Both the Humax 7500T and Strong 6500 automatically buffer what you're watching so you can pause and even rewind live TV. You can also start watching a program while you're still recording the end. If you're trailing behind the live broadcast, known as chasing playback, then you can fast-forward through the ad breaks until you catch up to the live action – handy when you're watching the footy.

Apart from traditional fast-forward and rewind buttons, the Humax also lets you jump forward in 60-second increments and back in 15-second increments, although you can change these time periods. They're 30-second increments on the Strong.

Unfortunately both of these PVRs delete everything in the buffer if you forget you're time-shifting and start channel-flicking. When you switch back to the footy you've jumped to the live action and there's no way to get back what you've missed. The contents of the buffer will only be retained if you were actually recording the game before you changed the channel.

Easy to use?

Unfortunately the Strong's menus aren't overly user-friendly and its remote control is also rather busy and daunting compared to the Humax. Tech-savvy users will eventually learn their way around but novices will struggle more with the Strong.

Humax's onscreen EPG displays more channels, but still manages to be easier to read and navigate than Strong's. When you're looking for shows you've recorded, the Humax puts all the recordings from a Season Pass in a sub-folder to make them easier to find. Ease of use also depends on the little things, such as the fact that the Humax pops up a notification to let you know when you've switched from a recording or time-shifting to live TV.

Even so, both PVRs leave a lot to be desired in the usability stakes compared to a TiVo or Windows 7 media centre.

What can I stream from the web?

Both PVRs feature a built-in Ethernet port and the Strong comes with built-in wi-fi, while Humax offers it as a $49 optional extra. It's worth noting that the Humax 7510T isn't far away and will come with a wi-fi adaptor standard, plus Humax intends to overhaul the PVR interface and include support for Hybrid broadcast broadband TV (HbbTV), an internet video standard which Australian TV networks are starting to explore.

The Humax has a clear advantage when it comes to online content. Press the TV Portal button on the remote and you're presented with apps for Quickflix, ABC iView and SBS On Demand. You'll also find TV-friendly versions of YouTube, Picasa and Wikipedia along with an App Store containing a grand total of 13 apps.

Humax's apps and streaming video services aren't much to get excited about compared to what you'll find on a Samsung or Sony smart TV, but the inclusion of a movie service and Catch Up TV is better than what you'll find on most Australian PVRs.

Meanwhile the Strong 6500 is an internet video wasteland, only offering access to internet radio and online weather. If you look to the old Strong 7000 it offers YouTube, Facebook, Twitter, Picasa, internet radio and a basic web browser which doesn't handle Flash. Strong tells me that it's moving its focus away from online video and Catch Up TV, which will certainly disappoint some shoppers.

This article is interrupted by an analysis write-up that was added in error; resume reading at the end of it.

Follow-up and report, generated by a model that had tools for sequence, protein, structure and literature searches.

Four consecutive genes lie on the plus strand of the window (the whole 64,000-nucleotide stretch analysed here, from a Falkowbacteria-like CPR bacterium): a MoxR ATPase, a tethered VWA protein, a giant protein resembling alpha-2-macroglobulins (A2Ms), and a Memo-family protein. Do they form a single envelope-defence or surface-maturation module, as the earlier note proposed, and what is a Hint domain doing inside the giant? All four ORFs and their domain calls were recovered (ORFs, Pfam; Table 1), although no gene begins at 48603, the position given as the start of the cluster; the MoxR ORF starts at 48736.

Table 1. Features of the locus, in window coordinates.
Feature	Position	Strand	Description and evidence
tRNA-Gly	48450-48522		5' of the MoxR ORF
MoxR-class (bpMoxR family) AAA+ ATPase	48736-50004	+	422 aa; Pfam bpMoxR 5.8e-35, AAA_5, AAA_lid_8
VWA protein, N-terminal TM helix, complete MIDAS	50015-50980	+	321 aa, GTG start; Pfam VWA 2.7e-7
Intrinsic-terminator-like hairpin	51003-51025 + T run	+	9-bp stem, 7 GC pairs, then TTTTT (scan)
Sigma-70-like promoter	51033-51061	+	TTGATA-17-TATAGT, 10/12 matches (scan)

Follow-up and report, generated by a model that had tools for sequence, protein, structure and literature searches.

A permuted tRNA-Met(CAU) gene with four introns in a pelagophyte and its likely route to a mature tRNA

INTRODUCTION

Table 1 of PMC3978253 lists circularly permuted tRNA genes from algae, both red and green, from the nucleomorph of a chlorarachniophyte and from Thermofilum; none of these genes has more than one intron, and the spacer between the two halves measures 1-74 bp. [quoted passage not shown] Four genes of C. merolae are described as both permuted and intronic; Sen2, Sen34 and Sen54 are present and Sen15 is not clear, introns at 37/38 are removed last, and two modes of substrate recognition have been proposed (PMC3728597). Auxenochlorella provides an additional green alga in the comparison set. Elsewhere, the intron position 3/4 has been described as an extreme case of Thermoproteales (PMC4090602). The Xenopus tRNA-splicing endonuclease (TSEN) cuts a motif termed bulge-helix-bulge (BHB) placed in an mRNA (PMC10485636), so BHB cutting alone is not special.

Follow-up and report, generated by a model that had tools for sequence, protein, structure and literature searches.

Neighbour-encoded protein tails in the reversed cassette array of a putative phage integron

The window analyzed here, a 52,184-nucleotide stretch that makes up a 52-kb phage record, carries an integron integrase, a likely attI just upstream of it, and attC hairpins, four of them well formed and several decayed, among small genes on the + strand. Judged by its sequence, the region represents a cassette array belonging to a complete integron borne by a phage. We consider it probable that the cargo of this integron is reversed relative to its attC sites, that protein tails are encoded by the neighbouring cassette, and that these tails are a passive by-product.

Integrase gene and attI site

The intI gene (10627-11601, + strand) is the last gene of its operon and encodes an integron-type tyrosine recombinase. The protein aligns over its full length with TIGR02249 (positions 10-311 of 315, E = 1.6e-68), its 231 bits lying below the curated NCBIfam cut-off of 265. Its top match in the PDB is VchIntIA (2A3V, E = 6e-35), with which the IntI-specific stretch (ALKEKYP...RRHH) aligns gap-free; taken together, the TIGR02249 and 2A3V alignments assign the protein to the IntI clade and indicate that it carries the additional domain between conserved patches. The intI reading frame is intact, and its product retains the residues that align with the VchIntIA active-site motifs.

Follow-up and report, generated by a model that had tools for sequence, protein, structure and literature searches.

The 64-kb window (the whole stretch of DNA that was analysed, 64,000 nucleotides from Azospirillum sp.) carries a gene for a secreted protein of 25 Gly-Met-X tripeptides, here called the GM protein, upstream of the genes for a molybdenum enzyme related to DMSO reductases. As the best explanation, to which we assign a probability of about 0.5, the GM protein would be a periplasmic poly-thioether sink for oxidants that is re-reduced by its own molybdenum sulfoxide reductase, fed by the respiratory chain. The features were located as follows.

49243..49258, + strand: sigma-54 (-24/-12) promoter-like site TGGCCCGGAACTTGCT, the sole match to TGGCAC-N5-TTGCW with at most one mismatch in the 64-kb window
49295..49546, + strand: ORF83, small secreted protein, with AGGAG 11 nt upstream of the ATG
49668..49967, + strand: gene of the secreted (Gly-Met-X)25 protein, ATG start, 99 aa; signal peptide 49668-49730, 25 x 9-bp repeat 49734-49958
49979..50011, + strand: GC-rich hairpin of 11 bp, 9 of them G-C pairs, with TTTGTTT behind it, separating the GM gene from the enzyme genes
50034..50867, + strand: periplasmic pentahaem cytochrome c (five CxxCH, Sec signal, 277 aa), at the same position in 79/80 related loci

What can I stream around my home?

This is where things become more interesting, especially if you currently rely on a PVR like a TiVo which locks away all your recordings and won't stream content from your local network. There is optional TiVo software for copying recordings to your computer, but I've always found it flaky.

Both the Humax 7500T and Strong 6500 can act as DLNA servers, letting you watch the TV shows you've recorded from a range of other devices around your home. The ability to stream recordings from your PVR is great if you're catering to a busy household, letting the kids watch their pre-recorded shows in the rumpus room rather than commandeering the lounge room.

Both PVRs will play files from a USB stick, plus the Strong sports a DVD/Blu-ray player which offers region-free DVD playback. The Humax's strength is that it's also a DLNA player, letting it stream files from your computer, network drive or even your smartphone if it can act as a DLNA server (such as Samsung's Galaxy S4). You can even stream recordings from other DLNA-enabled PVRs and use the ad-skipping buttons, which could make two PVRs at either end of the house a powerful combination.

What's surprising is that Strong's 6500 isn't a DLNA player, although you can specify a folder on a local computer from which you want to stream content. The 6500's party trick is that you can use an iOS or Android device to access the built-in tuner directly and watch live television across your home network. Strong recommends using the 8player app on iOS, although I found it to be temperamental with audio missing from some content. In theory you can stream live to more than one mobile device at a time, but the picture breaks up. The 6500 is also a DLNA renderer, letting you stream from mobile devices, but again results are hit and miss in terms of audio.

The Humax isn't a DLNA renderer, unlike some DLNA-enabled set-top boxes and televisions, so you can't stream to it from a mobile device. It can only stream from DLNA servers.

So what's the verdict?

The Strong 6500's 30 minutes worth of post-padding is certainly attractive, but you're giving up a lot in return – especially considering the live mobile streaming isn't rock solid. The Humax's 20 minutes of post-padding seems a reasonable compromise considering you gain DLNA playback along with Catch Up TV and Quickflix movies. The fact it's more user-friendly also wins it points, along with its storage management options. Unless you desperately want Strong's live streaming options, the Humax 7500T makes a better all-rounder for your average home.

Yet to be brutally honest I wouldn't trade my old TiVo for either of these PVRs, even though the old Series 3 TiVo can only record two channels at once and lacks local and internet streaming features. The TiVo's slick menus, ease of use, tightly integrated custom EPG and intelligent storage management still make it my PVR of choice. The fact TiVo is dead in Australia and we're missing out on the new model TiVo Roamio is heartbreaking.

That said, the ability to stream recordings from a PVR via DLNA is tempting. If I was forced to replace my TiVo tomorrow I'd go for the Humax 7500T over either of the Strong options. Yet hopefully by the time my TiVo gives up the ghost the competition will be a little more polished.